What Happens if You Get a Toll Fee From Out of State?

Consider these tips for paying tolls when traveling in other states.

Nick Kurczewski | 
Jan 31, 2023 | 3 min read

Woman opens mail and reads bill in kitchenGetty Images

Toll roads are a daily routine for many drivers, but questions can arise when travel plans involve crossing state lines and encountering unfamiliar toll systems. The good news is that large swaths of the U.S. operate on toll systems that work from state to state. One of the nation’s largest is E-Z Pass, which presently covers 18 states and stretches from Maine to Florida, and as far west as Illinois and Minnesota.

But not every state has the same form of toll collection system or vehicle transponder. This can make especially long road trips more complicated, as you could encounter a handful (or more) of different tolling methods during a single drive.

So what happens if you get a toll from out of state? If you believe you were charged in error, is there any recourse to dispute the charge?

Forms of tolls around the U.S.

There are approximately 16 different toll systems/passes in effect across the U.S. While some are used in multiple states, others are limited to perhaps one or two states. Drivers in Texas, for example, may use a TxTag toll transponder—Oklahoma’s Pikepass and Kansas’ K-Pass transponders are also accepted.

With the rise of automated toll booths using camera-operated systems, you might drive through an unfamiliar toll system and not even know it until a bill arrives in the mail. These forms of tolls often don’t require the driver to slow down from highway speed, so they can be easy to miss.

Out-of-state toll bills

If a toll bill arrives via mail and everything corresponds with your recent travel locations and dates, the necessary thing to do is pay the bill. In many instances this can be done online. If the toll was incurred while you were behind the wheel of a rental car, you’ll still be on the hook for paying for your time on that road.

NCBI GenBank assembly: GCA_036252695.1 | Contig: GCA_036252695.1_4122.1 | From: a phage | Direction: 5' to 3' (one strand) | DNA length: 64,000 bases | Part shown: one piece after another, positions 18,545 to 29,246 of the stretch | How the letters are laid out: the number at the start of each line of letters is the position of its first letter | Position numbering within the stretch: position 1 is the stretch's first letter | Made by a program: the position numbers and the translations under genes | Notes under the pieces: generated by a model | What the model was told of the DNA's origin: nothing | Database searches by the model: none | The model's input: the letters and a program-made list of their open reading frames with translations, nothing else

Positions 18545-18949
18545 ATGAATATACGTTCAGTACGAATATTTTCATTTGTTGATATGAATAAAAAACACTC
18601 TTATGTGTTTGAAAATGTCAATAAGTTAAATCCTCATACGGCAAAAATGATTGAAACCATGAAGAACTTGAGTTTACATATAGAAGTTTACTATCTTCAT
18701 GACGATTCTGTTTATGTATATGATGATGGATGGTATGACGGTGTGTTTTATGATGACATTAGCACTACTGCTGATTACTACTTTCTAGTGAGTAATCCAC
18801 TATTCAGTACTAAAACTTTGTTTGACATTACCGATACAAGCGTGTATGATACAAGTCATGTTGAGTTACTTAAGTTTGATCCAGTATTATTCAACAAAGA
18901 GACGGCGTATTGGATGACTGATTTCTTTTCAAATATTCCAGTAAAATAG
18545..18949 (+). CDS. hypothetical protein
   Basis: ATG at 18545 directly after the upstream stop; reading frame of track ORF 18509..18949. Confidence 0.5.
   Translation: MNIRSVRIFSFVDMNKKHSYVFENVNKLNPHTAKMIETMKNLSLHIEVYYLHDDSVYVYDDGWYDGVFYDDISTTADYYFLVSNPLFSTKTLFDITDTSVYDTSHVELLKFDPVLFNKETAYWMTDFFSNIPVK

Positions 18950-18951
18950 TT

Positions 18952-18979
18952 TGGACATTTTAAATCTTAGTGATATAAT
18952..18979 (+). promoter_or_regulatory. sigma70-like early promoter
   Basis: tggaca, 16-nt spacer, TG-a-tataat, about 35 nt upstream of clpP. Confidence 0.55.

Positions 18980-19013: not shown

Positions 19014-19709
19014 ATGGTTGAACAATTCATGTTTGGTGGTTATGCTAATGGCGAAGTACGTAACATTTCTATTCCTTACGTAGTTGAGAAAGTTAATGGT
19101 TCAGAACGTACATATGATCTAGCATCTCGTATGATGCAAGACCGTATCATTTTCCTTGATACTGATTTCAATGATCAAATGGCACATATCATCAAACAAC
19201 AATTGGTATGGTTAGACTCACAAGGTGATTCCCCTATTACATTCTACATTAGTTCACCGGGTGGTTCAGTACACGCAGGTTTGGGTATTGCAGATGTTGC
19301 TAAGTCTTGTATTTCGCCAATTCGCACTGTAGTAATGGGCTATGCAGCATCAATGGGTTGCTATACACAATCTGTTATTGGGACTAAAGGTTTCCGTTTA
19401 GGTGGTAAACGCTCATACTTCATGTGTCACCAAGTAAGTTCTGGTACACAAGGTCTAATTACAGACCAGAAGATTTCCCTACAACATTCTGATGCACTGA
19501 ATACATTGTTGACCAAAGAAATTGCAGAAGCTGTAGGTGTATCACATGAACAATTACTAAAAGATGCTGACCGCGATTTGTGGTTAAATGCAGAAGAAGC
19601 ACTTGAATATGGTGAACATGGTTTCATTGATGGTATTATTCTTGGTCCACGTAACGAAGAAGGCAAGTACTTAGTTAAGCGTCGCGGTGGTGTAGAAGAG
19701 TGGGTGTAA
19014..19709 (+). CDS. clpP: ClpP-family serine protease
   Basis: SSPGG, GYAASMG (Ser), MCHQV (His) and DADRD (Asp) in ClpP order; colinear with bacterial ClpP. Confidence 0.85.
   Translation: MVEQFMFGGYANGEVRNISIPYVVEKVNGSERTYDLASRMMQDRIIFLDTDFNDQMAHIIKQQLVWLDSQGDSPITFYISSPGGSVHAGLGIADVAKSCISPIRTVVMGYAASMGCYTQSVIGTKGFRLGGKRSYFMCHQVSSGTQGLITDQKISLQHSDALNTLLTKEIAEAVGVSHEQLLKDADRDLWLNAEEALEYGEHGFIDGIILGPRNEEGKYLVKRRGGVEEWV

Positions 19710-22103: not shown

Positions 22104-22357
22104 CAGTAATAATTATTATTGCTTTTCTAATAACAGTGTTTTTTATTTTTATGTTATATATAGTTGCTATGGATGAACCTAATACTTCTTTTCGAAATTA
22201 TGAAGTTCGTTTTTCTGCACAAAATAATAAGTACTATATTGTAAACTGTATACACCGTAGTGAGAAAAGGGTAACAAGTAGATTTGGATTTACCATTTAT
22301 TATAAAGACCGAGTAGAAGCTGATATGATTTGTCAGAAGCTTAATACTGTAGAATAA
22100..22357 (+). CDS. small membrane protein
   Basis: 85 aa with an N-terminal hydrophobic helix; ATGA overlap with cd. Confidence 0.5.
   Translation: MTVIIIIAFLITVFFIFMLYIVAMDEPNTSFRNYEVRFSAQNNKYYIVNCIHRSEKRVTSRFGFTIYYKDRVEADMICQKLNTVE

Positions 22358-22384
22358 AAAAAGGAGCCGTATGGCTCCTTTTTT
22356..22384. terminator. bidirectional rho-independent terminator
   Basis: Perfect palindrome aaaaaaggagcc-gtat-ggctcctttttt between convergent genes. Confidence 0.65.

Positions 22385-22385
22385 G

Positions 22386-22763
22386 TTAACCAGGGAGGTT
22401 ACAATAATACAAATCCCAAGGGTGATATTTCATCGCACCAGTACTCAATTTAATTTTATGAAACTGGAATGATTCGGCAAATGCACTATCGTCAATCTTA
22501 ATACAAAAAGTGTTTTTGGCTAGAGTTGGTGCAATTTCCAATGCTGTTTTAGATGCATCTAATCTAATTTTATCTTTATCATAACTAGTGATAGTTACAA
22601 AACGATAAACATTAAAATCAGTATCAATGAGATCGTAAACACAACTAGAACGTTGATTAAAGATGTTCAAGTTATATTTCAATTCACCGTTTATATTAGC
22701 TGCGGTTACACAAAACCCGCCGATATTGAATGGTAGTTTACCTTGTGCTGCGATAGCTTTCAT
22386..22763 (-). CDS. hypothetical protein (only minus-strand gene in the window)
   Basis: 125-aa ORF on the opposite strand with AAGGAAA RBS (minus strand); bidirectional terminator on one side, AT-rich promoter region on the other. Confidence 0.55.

Yet, it’s smart to keep in mind that mistakes can happen. A camera-based system might mis-read a license plate number. Receiving such a bill could be frustrating and you may have to provide some sort of documentation proving that you don’t own the vehicle corresponding with the toll fee.

An automated toll system could also charge the wrong amount if the transponder is obscured, or is otherwise operating improperly for some reason.

Dispute, but don’t ignore

While some motorists might simply ignore what they view as an erroneous charge, there are good reasons to avoid doing so. To start, while tolls are never anyone’s favorite part of driving, the money collected is used for ongoing construction or regular road upkeep. Consider that while a toll might seem a nuisance, so are potholes.

A stronger incentive to avoid ignoring an out-of-state toll is the increasing amount of toll reciprocity between states. This means a driver could encounter increasing fines for ignoring a charge, or be blocked from renewing licensing or updating vehicle registration.

Can toll violations fees be waived?

If you think a toll charge was billed in error, there is potential for it to be waived. The easiest first step to resolve it is to go online and find the given toll agency. It should have instructions on how to dispute a charge. This information could also be found either on your regular monthly toll bill, or on a violation that arrived in the mail.

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